Captain George Mercer of Virginia wrote to a friend in 1760 with a description of Washington. He has blue-grey penetrating eyes, deep heavy eyebrows, with broad round cheekbones, complimented with a strong chin. His skin is pale and burns easily in the sun, and has brown hair pulled into a queue.  He has great strength due to his well-developed muscles, large bones, joints, feet and hands.  His mouth is large and normally closed due to defective teeth. Washington has a commanding but benevolent countenance. “His movements and gestures are graceful, his walk majestic and he is a splendid horseman.” Later when he was much older Lady Henrietta Liston in 1799 wrote, “His figure always noble, appeared less & an approaching deafness, had in some degree affected his spirits” (Thompson, 1997-2014).

 Potomac River Edge

Potomac River Edge


 Thursday, 12 December

Washington wrote in his journal on 12 December 1799, Morning snowing about 3 inches deep. Wind at North and Mercury at 30. Continued snowing until 10:00 and at 4:00 the sky is clear.  Wind in the same place but not hard. Mercury 28 at night (White McKenzie Wallenborn).

 Washington’s secretary, Colonel Tobias Lear wrote in his journal how Washington rode out to his farms around 10:00 and did not return until 3:30. All this time there had been snow, hail and rain. Lear wrote how he noted that Washington’s neck was wet and snow was falling off his hair. Washington shrugged it off, and said that he didn’t get wet because he wore the great coat. Dinner was waiting for him, so he did not bother to change his clothes. All seemed fine that evening.


The next day, Friday, the snow was falling, and Washington decided to stay in the house, because his throat was sore and he felt chilled. Later in the day he went out to inspect some trees that he wanted cut down. During the evening Washington felt hoarse, which became progressively worse. He read from the papers he received from the post office, and finally had Lear finish the reading. When he went to bed at 9:00, Lear mentioned to him that perhaps he required something “to remove his cold”. Washington replied, “You know I never take anything for a cold. Let it go as it came” (Lear, 1799).

 Reconstructed Slave House and Garden at Mount Vernon

Reconstructed Slave House and Garden at Mount Vernon


What if…a slave was nearby in the hallway and heard the discussion between Washington and Lear, especially Washington’s last statement about letting the cold “go as it came.” The slave’s name was Nelle, a midwife from Gunston Hall who was allowed to deliver slave births at plantations beyond Gunston Hall. Slaves needed permission from their masters to leave the plantation as well as practicing as midwives (Fett, 2002). According to Gunston Hall records, she received 15 shillings for each birth, because she possessed valuable expertise. Not only was she skilled in delivering births, but also like other midwives during this time, Nelle used herbal remedies grown from her garden and foraged in the nearby woods (Ulrich, 1991).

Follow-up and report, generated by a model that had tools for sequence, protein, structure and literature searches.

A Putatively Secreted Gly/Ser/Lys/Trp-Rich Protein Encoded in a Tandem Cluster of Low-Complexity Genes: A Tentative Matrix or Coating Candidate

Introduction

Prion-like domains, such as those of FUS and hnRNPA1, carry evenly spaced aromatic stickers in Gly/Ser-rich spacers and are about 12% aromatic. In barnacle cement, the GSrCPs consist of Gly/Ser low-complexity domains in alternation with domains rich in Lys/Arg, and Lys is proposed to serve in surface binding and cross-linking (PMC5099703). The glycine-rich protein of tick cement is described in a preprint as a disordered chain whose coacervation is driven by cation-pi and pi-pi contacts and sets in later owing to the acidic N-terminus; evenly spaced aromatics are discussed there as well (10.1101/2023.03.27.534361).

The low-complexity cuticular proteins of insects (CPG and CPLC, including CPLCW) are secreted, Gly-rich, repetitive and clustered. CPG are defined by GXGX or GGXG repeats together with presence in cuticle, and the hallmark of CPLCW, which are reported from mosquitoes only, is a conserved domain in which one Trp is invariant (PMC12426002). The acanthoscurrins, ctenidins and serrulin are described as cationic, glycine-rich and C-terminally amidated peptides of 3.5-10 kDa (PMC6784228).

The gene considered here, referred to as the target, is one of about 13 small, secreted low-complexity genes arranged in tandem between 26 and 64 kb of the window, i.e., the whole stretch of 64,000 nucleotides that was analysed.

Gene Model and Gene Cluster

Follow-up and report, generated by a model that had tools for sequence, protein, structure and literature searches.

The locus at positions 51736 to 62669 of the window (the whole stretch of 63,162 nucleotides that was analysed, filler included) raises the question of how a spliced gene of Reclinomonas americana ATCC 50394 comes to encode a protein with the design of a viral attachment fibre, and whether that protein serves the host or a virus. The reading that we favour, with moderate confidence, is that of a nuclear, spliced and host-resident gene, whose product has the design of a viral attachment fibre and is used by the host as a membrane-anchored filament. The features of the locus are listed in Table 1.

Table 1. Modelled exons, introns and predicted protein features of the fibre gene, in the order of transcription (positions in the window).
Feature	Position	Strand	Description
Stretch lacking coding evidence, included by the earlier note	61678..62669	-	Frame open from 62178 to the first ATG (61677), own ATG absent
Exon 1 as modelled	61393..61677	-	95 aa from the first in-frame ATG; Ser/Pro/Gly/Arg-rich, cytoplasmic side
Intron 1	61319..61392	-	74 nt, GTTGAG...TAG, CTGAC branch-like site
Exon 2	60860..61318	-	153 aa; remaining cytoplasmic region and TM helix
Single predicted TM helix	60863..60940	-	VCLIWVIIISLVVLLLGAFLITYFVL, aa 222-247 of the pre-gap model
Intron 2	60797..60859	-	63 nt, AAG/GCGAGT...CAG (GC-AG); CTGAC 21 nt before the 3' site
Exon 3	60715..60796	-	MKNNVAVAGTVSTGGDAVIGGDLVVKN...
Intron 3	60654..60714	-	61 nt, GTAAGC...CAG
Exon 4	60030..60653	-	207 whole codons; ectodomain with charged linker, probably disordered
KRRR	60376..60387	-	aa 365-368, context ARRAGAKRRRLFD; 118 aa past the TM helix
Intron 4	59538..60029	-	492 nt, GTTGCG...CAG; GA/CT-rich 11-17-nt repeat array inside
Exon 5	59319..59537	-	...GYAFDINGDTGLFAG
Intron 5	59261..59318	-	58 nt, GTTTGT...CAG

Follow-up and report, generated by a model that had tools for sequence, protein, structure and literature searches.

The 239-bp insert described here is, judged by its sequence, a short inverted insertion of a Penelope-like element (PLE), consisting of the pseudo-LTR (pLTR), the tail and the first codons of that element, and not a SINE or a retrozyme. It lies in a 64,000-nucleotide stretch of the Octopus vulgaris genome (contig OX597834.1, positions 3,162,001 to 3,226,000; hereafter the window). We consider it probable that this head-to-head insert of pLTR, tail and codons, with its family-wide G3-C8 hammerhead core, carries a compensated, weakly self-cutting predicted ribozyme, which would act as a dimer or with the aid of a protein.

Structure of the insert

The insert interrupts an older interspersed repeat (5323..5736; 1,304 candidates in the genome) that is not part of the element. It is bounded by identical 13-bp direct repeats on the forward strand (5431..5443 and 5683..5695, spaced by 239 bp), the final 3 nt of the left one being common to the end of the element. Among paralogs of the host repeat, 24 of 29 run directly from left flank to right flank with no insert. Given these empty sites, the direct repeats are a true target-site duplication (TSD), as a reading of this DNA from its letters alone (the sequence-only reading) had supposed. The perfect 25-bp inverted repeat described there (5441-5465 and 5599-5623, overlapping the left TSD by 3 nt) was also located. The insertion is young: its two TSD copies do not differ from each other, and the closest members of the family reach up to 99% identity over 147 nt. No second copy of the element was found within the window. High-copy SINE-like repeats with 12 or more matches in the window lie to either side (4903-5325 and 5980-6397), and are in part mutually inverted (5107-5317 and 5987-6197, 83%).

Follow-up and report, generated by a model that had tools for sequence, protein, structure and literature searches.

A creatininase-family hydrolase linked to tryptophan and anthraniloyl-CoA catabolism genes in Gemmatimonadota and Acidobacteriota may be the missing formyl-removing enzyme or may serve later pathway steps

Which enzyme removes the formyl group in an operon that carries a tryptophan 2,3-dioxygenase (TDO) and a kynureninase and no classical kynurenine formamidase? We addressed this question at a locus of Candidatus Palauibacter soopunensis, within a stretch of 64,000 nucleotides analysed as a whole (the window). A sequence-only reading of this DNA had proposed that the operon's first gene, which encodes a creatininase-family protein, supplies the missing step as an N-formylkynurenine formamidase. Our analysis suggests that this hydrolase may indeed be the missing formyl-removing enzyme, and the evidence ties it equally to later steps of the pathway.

Gunston Hall Facing the Potomac River

Gunston Hall Facing the Potomac River


Nelle imagined brewing a ginger tea, not cayenne due to Washington's warmer constitution. She didn’t know Washington well, but ancient knowledge passed down to Nelle led her to the belief that he had a choleric constitution. Nathan and Lucy, the enslaved cooks in the kitchen had a large supply of dried ginger roots and other expensive spices for the many dishes they made. Ginger was a common spice used in Colonial America as well as in the New Republic (Sauer, 2001).. The ginger tea would warm up Washington’s chilled body and hopefully keep the cold from penetrating any deeper. But Washington went to bed without the warming tea or the ginger candy prepared in the open hearth … because “He never takes anything for a cold.”


Healthful Ginger Candy—"Take three loths of finely ground ginger, fresh lemon rinds well dried and ground to a powder, a half loth each of cinnamon and nutmeg, a quint each of cloves and mace, all of these ground to a fine powder. Then take two pounds of sugar and moisten it with rosewater. Put this in a new stoneware pot over a charcoal stove and let the sugar boil gently until it candies. Then stir in the ground spices and pour it into a pewter dish. Cool and store in a dry place. (30 grams = 2 loths = 8 quints) (Sauer, 2001) pg. 155


During the night Washington woke up around 2 or 3:00 in the morning complaining of having ague (fever with chills). Mrs. Washington observed that her husband also had difficulty speaking and breathing. Since the room was cold, Washington did not want his wife to get up and summon for help; she had recently recovered from a cold. When the sun rose, Caroline, the house slave, came into the room to start the fire. Soon Lear was called, and he observed Washington’s labored breathing. Lear was told to send for Mr. Rawlins, one of the overseers who had the knowledge of bloodletting, and also send for Dr. Craik, the family doctor and friend.


Washington was given a mixture of molasses, vinegar and butter, one of Mrs. Washington’s favorite remedies for sore throat (Thompson, 1997-2014). Washington made distressed attempts to swallow but the results were convulsions and fighting for breath. His throat was too swollen to swallow anything. Rawlins came onto the scene but hesitated when he saw Washington’s condition. He persuaded his overseer to bleed him, believing that this form of medicine produced positive results. Washington was known to perform the task of bloodletting on himself as well as ask his doctors to attend to his ill slaves.  In his 16th century herbal, Gervase Markham, states that when the blood was inflamed, it caused fever, and blood must be let. It was also thought bloodletting caused the liver to produce more blood. However, Markham used bloodletting for people whose strength would bear it (Markham, 1986). Mrs. Washington was not sure whether such a procedure would be helpful in her husband’s condition and cautioned Rawlins to not take too much blood. Washington encouraged Rawlins to take more, and about 12 oz. was taken from his arm the first time.